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Anatomic Collection


During the year 1750, the firs anatomical theatre was founded and an anatomical collection was established inside the main building of the university. The history of the institute of anatomy of Greifswald begins with this event. The founder of the collection, Andreas Westphal (1685-1747), gathered all available preparations in a single catalogue for the first time in 1760. Most of the preparations originally came from the purchase of the collection left behind by August Scharschmidt (1720-1791) in Berlin. At this time, there were no zoological preparations available yet. The creation of the comparative anatomy collection goes back to Christian Rosenthal (1780-1829). From 1808 to 1810, he was already a private lecturer for anatomy in Greifswald. When he came back from Berlin as a professor in ordinary in 1820, he began to compose the collection of compared anatomy, during which he particularly considered sea animals, especially the whales living in the Eastern Sea. A new anatomy building had to be erected due to the growing numbers of students and the purchase of the Braunschweiger collection of prosector Berger. In 1855, the construction work on the new institute on the ground of the former Dominican abbey was completed. Only three large rooms were available for the collections, where even the 16 meter long wale skeleton arranged by Rosenthal was entitled to a place. Another construction related transformation of the collection was completed in 1955 under the director of the institute Richard N. Wegner. To allow the numerous medicine students to study the macroscopic and microscopic preparations in good conditions, it became necessary to rebuild the institute. During the process, the building was enlarged by a whole new upper floor. Countless new educational preparations, acquired during scientific travels or the purchase of dead animals from zoological gardens were stored inside the new facilities with the original collection. This made the collection grow to reach its present size of around 2500 items.

The collection of comparative anatomy of the Greifswald Institute mainly contains osteologic (osseous) preparations, among which a lot of skulls and complete skeletons. Preparations concerning every type of vertebrate are collected and were systematically sorted, i.e. fish, reptile and bird skeletons. Besides large elephant, camel and ostrich skeletons, one can admire quite small bones too. In one part of the collection, skulls are sorted according to the type of dentition. The poor-teethed animals for example are represented by the armadillos and anteaters from South America. Skulls of the squirrel and the nutria show the dentition of rodents. Impressive fangs of polar bears or lions, representing predators can also be admired. A particularly interesting item is a 4 meter long skeleton of a python. This not entirely full-grown python was a gift from a former student and reached the Greifswald Anatomy in 1856.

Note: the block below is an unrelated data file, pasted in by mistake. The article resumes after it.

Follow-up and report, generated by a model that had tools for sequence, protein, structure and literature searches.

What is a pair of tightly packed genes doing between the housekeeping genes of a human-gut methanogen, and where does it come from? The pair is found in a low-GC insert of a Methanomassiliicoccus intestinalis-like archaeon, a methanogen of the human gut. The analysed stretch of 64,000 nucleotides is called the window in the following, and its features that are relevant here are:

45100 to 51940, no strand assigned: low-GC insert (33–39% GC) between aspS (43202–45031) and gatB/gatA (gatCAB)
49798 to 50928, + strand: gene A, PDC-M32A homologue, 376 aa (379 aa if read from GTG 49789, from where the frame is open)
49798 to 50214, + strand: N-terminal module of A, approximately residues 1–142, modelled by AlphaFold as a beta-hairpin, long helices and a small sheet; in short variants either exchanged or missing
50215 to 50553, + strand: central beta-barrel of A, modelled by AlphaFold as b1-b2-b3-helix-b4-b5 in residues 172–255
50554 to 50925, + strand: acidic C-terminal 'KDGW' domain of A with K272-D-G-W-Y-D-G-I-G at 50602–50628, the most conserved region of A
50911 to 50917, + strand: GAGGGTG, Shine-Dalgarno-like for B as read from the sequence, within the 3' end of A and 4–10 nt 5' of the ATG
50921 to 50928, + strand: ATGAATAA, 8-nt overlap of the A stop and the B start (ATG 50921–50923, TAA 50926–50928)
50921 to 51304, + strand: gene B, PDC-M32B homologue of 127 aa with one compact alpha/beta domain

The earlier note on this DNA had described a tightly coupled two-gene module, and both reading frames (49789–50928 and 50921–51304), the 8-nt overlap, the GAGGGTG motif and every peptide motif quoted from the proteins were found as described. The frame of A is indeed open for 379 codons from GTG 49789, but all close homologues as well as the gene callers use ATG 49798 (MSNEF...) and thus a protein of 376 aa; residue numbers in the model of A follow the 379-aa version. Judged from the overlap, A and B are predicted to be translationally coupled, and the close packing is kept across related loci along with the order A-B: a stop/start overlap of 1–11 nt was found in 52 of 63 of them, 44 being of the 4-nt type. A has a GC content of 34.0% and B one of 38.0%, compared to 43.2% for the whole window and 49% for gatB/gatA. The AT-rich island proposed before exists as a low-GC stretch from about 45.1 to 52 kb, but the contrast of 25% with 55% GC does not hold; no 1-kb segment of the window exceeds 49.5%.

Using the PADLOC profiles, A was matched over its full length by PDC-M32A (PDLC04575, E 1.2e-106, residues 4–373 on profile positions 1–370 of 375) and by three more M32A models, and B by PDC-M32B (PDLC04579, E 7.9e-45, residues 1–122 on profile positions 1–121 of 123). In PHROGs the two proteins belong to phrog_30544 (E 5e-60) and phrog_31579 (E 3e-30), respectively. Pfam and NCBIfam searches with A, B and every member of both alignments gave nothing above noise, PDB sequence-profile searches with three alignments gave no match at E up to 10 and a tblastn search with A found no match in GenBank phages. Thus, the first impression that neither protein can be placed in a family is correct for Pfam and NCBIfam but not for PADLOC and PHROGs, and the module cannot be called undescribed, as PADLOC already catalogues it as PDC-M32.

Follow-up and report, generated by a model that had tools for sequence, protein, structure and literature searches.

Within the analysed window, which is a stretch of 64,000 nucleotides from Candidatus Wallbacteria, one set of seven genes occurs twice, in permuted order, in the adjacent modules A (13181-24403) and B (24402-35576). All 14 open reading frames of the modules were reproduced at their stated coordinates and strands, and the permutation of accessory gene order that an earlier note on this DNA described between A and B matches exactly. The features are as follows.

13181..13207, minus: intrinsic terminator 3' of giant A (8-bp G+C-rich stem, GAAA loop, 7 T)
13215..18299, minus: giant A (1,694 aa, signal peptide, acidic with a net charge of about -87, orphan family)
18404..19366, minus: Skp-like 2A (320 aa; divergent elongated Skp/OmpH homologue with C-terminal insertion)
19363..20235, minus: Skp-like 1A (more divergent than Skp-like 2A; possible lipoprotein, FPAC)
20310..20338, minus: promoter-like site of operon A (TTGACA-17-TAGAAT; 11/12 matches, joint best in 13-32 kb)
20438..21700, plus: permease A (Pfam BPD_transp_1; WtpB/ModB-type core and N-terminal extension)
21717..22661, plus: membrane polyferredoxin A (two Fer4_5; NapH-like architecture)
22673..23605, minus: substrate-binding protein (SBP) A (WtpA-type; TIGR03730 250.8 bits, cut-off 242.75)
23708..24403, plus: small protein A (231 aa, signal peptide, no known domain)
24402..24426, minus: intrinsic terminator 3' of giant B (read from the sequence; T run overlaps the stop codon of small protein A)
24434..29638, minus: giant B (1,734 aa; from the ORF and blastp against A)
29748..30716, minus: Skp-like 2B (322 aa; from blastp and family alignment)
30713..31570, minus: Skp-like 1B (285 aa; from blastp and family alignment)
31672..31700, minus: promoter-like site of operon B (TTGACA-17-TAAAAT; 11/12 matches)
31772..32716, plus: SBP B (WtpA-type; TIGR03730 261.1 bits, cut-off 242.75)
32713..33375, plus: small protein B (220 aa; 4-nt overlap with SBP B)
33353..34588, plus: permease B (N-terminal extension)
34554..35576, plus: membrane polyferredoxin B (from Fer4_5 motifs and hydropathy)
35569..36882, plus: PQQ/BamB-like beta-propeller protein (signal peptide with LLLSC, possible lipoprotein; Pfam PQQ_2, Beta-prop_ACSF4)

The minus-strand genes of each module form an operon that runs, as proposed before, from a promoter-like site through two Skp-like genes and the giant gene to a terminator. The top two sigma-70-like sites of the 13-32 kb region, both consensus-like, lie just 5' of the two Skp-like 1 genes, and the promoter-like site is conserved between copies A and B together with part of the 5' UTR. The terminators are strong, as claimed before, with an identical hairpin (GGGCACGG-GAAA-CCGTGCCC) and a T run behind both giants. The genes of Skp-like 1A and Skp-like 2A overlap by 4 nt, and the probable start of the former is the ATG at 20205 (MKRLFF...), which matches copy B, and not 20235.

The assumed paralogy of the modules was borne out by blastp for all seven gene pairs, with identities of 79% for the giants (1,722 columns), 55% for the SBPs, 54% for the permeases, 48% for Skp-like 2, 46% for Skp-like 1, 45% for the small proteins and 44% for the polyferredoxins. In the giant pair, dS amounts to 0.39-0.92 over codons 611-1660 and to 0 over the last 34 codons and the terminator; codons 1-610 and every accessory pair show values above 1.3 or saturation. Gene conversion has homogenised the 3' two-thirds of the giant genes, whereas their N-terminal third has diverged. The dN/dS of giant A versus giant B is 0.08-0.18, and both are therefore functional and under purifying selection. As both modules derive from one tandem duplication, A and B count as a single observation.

50 years ago, the scientists have concentrated intensely on certain areas of comparative anatomy. Single bones and skeletons were also presented to students in teaching events. Nowadays, the skulls of Great Apes are quite important for further studies, during which scientists study the functional morphology of the inner skull structures, i.e. the nasal cavity and the paranasal sinuses. One purpose of this is, among others, to analyse the relation between the paranasal sinuses and the architecture of the skull regarding growth and adaptation. The results are interesting for the purpose of understanding clinically ostentatious variations and allow a peek into the evolution of the human skull through the inclusion of corresponding data about recent and fossilised primates.
Contact / Sightseeing possibilities
Mitarbeiter / Kustos

Prof. Dr. Thomas Koppe
North Tel.: +49 (0)3834 / 86 53 18

Besichtigung nach tel. Absprache bei:
Arlette Deutsch
Telefon: +49 (0)3834 / 86-5308

Friedrich-Loeffler-Str. 23c
17487 Greifswald
Fax: +49 (0)3834 / 86 53 02

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Anatomische Sammlung